Updated post: 29/06/2019 | June 2019

“There’s not much to actually do in Colonia,” Brittany, an American I had met in Bariloche, had commented. “But it makes for a great escape from Buenos Aires. And you get to visit Uruguay!”

And she was absolutely right!  Colonia del Sacramento (to give it its full name), just a short hop across the Rio de la Plata from Buenos Aires, is a respite from the hustle and bustle of the city. Take a fistful of cobbled streets, a handful of colonial buildings and a sprinkling of vintage cars and you have the recipe for a perfect day trip.

To help you make the most of your day trip to Colonia here’s all you need to know, from tips on how to get there to what to see and do.

colonia uruguay
Street in Colonia, Uruguay

A short history of Colonia

The architecture and urban planning in Colonia reflect the influence of its two colonial powers – Portugal and Spain – and are unique in this part of South America.  The Portuguese street plan, with its irregular cobbled streets, can still be seen in its historic centre, whilst the surrounding areas have newer Spanish architecture.

Colonia Uruguay
Taking it easy in Colonia, Uruguay

Let’s first go back to 1680 when the Portuguese established Nova Colonia do Santissimo Sacramento (The New Colony of Blessed Sacrament). Now the Portuguese were no idiots.  The town gave them a prime position in the Rio de la Plata, all the better to access the mines in Peru and huge swathes of agricultural land.

Having settled Colonia, the Portuguese wanted to hold onto it and they set up defences on the small island of St Gabriel, which was close to Buenos Aires. However, the Spanish, the landlords of Buenos Aires, were having none of this. A long fight ensued, which lasted into the latter half of the 18th century. Finally, in 1777, Colonia became a Spanish city.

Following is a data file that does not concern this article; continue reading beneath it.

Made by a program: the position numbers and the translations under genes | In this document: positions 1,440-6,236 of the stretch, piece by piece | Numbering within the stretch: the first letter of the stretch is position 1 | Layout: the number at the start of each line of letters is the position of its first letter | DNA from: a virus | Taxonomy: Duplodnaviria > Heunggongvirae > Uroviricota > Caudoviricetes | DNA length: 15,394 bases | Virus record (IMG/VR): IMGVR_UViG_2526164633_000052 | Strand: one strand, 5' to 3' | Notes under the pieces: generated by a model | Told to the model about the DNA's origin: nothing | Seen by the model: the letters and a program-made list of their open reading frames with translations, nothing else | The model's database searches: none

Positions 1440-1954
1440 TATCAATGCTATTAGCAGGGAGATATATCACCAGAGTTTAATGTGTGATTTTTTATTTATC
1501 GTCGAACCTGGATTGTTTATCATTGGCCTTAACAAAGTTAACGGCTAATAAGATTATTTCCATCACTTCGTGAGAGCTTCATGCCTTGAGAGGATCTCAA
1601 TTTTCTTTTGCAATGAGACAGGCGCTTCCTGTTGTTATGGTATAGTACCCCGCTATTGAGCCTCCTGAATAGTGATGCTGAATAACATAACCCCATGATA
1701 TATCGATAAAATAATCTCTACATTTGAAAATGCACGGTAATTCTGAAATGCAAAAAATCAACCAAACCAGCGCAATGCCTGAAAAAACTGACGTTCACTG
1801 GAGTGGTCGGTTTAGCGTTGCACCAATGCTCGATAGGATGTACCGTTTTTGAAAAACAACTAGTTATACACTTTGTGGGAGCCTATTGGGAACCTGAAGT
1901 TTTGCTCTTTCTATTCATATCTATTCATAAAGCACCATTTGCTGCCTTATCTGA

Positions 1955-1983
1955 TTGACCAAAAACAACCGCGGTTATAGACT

Peace reigned for a short time, but between 1811 and 1828 the town bore the brunt of fierce independence battles between Portugal and Brazil. Colonia came in for it yet again from 1839 to 1851 when the new nation of Uruguay was at war with Argentina. With all this conflict, it’s a miracle that the colonial buildings we see today survived. From the middle of the 19th century, peace finally came to Colonia.

The best things to see during a day trip to Colonia

Colonia is an achingly picturesque and laid-back place to wander around. Having said that, there’s not too much to see and do, and I found three or four hours in the town are just about right.

Here’s my pick of the top things to do during a day trip:

1. Capture that Kodak moment in the Calle de los Suspiros (Street of Sighs)

Street of Sighs, Colonia Uruguay

2. Watch life go by in the main square (Plaza Mayor 25 de Mayo)

Colonia Uruguay

3. Climb the 118 steps to the top of the old lighthouse (Faro) for panoramic views over the town.

Colonia Uruguay

4. Visit the Iglesia Matriz (Church of the Most Holy Sacrament), which is the oldest church in Uruguay, built between 1695 and 1699 .

Colonia Uruguay5. Hunt for vintage cars Vintage car Colonia Uruguay6. Take a stroll along the riverfront promenade

Rio de Plata from Colonia Uruguay

How to visit Colonia

  • Getting there – although a number of tour companies will gladly take your money in exchange for an organised day trip to Colonia, there is no need to splash the cash. It is very easy to get there under your own steam using one of the three ferry companies that ply the waters between Buenos Aires and Colonia. I used BuqueBus but there are two other companiesSeacat Colonia and Colonia Express.
  • The crossing took 75 minutes and the day trip costs 76 USD, which included a packed lunch and a short guided tour (2019 update: This package now costs 66 USD). The ferry left at 8.30, returning at 4 pm, allowing ample time to explore the delights of Colonia.
  • As you have to queue first to get your boarding pass and then again to clear immigration, the ferry company suggests that you arrive at the terminal two hours prior to departure. My experience suggests that you do not need to be there quite that early.
  • As I left my hotel in Palermo Soho at silly o’clock, I took a taxi to Puerto Madero which cost 180 pesos (9 USD). For the return journey, I took the metro. The nearest station is Alem on the B line, around 10 – 15 walk from the terminal.
  • Visiting there –   You should not need to get your hands on Uruguayan pesos. US dollars and Argentinian pesos, as well as credit cards, are widely accepted by businesses in Colonia.
  • Staying there I stayed at the charming and exceptionally friendly Duque Boutique Hotel in trendy Palermo Soho. Highly recommended.
  • Getting around – Click here if you need help getting around Buenos Aires

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